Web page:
Within Walking Distance–Living A Twilight Zone Episode

Last summer, I moved from Southern California back to the place where I grew up, which is called Homewood, Illinois, a suburb south of Chicago. Recently, I have been starting to watch a series of classic science fiction programs that appeared in the 1950s and 1960s on television and in the movies.     No such collection would be complete without The Twilight Zone, and our local library just happened to have The Definitive Edition, which was released in 2004, and which contains not only the original episodes of the series, but also some additional material such as commentaries by some of the actors who played the roles and occasionally even a discussion by Rod Serling himself.

I took out the first volume that covers Season 1 of the Twilight Zone and sat down to watch it on Thursday night. Coincidental to this, a classmate from the high school I went to, Homewood-Flossmoor High School, announced that he was going to be in the Chicago area this weekend, and wanted to know if those in the class of 1975 who lived in the area wanted to meet at a famous local pizzeria called Aurelio’s Saturday night.    So my mind started reaching back into the past, recalling those high school days which are approaching four decades ago, when I decided to watch the Twilight Zone episodes.

One of those episodes was “Within Walking Distance”, starring Gig Young who  played Martin Sloan, a harried New York executive who decides that he needs a break from the stress of corporate life and returns to his hometown.   He has his car serviced at a gas station outside of town, and decides that, since it is only walking distance to town, he will take a walk to see what the old town is like.    He doesn’t realize that he is walking not just in space, but in time, because by the time he gets to the town, he has returned 30 years into the past.    What struck me was, when he got to the outskirts of the town itself, the sign read, get this, “Welcome to Homewood“!

He met his parents, and then he walked to a merry-go-round in the town park where there is some sort of fairground set up.   There he sees his younger self on that merry-go-round and he tries to run up and talk to him.    The boy is frightened and tries to run away, only to slip and fall off and hurt his leg, which instantly causes Martin Sloan as an adult to have the same injury!

In the end scene with his father, Martin Sloan decides that his quixotic campaign to revisit his youth is not necessary to recapture the vividness of life, which can be found in any age and in any location, if you are just willing to look with the right attitude.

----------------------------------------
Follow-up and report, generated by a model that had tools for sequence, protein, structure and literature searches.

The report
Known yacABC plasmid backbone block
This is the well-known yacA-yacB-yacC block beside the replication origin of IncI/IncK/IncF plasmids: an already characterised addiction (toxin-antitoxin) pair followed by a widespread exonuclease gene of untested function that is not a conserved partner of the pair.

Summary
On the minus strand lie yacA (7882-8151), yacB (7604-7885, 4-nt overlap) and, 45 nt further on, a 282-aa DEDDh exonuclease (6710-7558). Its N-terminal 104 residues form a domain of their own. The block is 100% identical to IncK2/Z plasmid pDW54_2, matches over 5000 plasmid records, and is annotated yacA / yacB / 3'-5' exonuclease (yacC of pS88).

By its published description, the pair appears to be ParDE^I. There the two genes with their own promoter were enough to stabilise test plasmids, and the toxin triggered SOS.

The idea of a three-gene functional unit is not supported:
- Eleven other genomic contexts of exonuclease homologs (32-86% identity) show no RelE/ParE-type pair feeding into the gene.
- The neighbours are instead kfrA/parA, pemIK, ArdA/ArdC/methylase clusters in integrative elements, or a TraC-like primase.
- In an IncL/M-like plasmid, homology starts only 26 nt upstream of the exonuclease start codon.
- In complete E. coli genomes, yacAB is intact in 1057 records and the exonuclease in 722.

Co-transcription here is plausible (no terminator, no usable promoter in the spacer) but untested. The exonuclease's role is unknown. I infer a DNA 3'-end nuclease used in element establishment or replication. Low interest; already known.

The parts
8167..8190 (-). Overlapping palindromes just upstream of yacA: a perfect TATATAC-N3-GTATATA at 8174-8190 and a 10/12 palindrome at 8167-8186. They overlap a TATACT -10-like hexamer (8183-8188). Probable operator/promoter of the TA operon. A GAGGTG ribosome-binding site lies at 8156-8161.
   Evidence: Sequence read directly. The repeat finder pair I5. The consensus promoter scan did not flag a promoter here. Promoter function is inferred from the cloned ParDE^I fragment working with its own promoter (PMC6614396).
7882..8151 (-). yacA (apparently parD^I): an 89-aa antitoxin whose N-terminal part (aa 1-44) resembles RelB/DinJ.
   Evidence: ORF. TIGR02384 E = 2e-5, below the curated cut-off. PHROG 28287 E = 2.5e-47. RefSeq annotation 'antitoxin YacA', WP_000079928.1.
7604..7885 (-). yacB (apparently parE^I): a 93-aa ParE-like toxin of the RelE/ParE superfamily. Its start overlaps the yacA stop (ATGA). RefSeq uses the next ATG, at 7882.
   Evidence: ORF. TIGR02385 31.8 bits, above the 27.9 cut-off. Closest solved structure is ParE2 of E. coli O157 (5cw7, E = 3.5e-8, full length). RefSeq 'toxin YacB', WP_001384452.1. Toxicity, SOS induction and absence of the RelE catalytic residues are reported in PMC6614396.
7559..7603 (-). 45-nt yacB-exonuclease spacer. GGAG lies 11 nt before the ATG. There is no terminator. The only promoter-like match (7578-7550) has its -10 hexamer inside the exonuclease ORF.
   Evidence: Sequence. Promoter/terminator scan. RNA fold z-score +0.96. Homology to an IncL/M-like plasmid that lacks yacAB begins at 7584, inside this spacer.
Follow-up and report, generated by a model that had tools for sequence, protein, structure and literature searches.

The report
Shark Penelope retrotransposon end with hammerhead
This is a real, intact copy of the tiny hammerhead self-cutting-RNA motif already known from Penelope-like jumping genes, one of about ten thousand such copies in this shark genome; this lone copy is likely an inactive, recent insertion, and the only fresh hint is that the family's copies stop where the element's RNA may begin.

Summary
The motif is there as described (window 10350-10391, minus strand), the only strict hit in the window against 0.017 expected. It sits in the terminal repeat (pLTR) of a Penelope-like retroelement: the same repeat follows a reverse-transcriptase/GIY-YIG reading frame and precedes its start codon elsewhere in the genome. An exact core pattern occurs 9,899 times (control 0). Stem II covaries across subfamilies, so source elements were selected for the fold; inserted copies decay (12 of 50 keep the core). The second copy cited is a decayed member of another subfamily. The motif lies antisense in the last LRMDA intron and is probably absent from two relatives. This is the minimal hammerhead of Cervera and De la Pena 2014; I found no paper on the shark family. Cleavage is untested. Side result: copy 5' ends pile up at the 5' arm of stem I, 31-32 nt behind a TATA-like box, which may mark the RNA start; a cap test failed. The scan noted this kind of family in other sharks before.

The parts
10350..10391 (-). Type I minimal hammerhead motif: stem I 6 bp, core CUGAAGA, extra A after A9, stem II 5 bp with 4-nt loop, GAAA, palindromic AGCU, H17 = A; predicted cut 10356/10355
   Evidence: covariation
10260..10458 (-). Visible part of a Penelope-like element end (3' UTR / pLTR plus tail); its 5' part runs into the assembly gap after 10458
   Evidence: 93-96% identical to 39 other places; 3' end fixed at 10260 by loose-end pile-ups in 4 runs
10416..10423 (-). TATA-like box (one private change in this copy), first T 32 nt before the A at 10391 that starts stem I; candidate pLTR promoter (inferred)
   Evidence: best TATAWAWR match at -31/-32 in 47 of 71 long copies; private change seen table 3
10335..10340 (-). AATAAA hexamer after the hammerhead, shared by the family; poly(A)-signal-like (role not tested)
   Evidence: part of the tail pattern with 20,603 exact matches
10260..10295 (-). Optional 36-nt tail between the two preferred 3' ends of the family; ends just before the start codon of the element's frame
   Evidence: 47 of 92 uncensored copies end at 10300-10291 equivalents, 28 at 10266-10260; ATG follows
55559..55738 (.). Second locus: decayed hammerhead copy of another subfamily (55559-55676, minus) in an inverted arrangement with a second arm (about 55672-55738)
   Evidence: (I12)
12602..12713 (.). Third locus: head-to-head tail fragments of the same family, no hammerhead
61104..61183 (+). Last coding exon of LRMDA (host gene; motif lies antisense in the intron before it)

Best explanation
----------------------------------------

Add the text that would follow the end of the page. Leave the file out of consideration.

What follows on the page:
In the commentary to the episode, Rod Serling was speaking at a lecture in 1975 in Sherwood Oaks College after a showing of the episode, and he pointed out the ways in which the script was, from a writer’s standpoint, flawed and how he would have improved it if he were writing the same story idea then.     So Rod Serling was in an odd way echoing the experience of Martin Sloan by revisiting his own past as a writer, and seeing the ways in which the 1959 self had matured as a writer and as a human being.    He said he would not have been able to review his own early work with such as a detached point of view as he was able to at that moment if he had been asked to do it even, say, 10 years earlier.    But now, enough time and, more importantly, enough growth had occurred that this was now possible.

And in watching the episode and then the commentary, I was echoing the experience of both Martin Sloan AND Rod Serling.   I had lived in this town from the 1960s when I was a child, until the 1970s when I went off to the University of Illinois.   Since then, I have lived in Germany, Japan, and in the United States on both coasts.   Only after being requested by my father to come back to Homewood to help him deal with some health challenges did I come back to the town I had not lived in for close to 40 years.    I did so because I was in transition, looking to change my career, and therefore was not tied down to staying where I was in Southern California.

When I came back it was strange to live in the same town I grew up in, but with all the neighbors but one having passed away or moved away.    But some things were the same:   there were children playing in the neighborhood, going to local events such as parades, and enjoying the holidays of the year, just like when I was a child.   But these were the next generation of children, and I got to experience their joy of being vicariously as I watched them living in the moment.   Since my father’s health recovered, I also got to experience his living in the moment as well, as he enjoys whatever time he has left.    So as Martin Sloan discovered, the joy of life can be found in adulthood just as in childhood, if you have the ability to look at it with a sense of gratitude.   And like Rod Serling, I have discovered that time and the phenomenon of personal growth allow you the distance you need to embrace the past–so that you can then let it go and move on.


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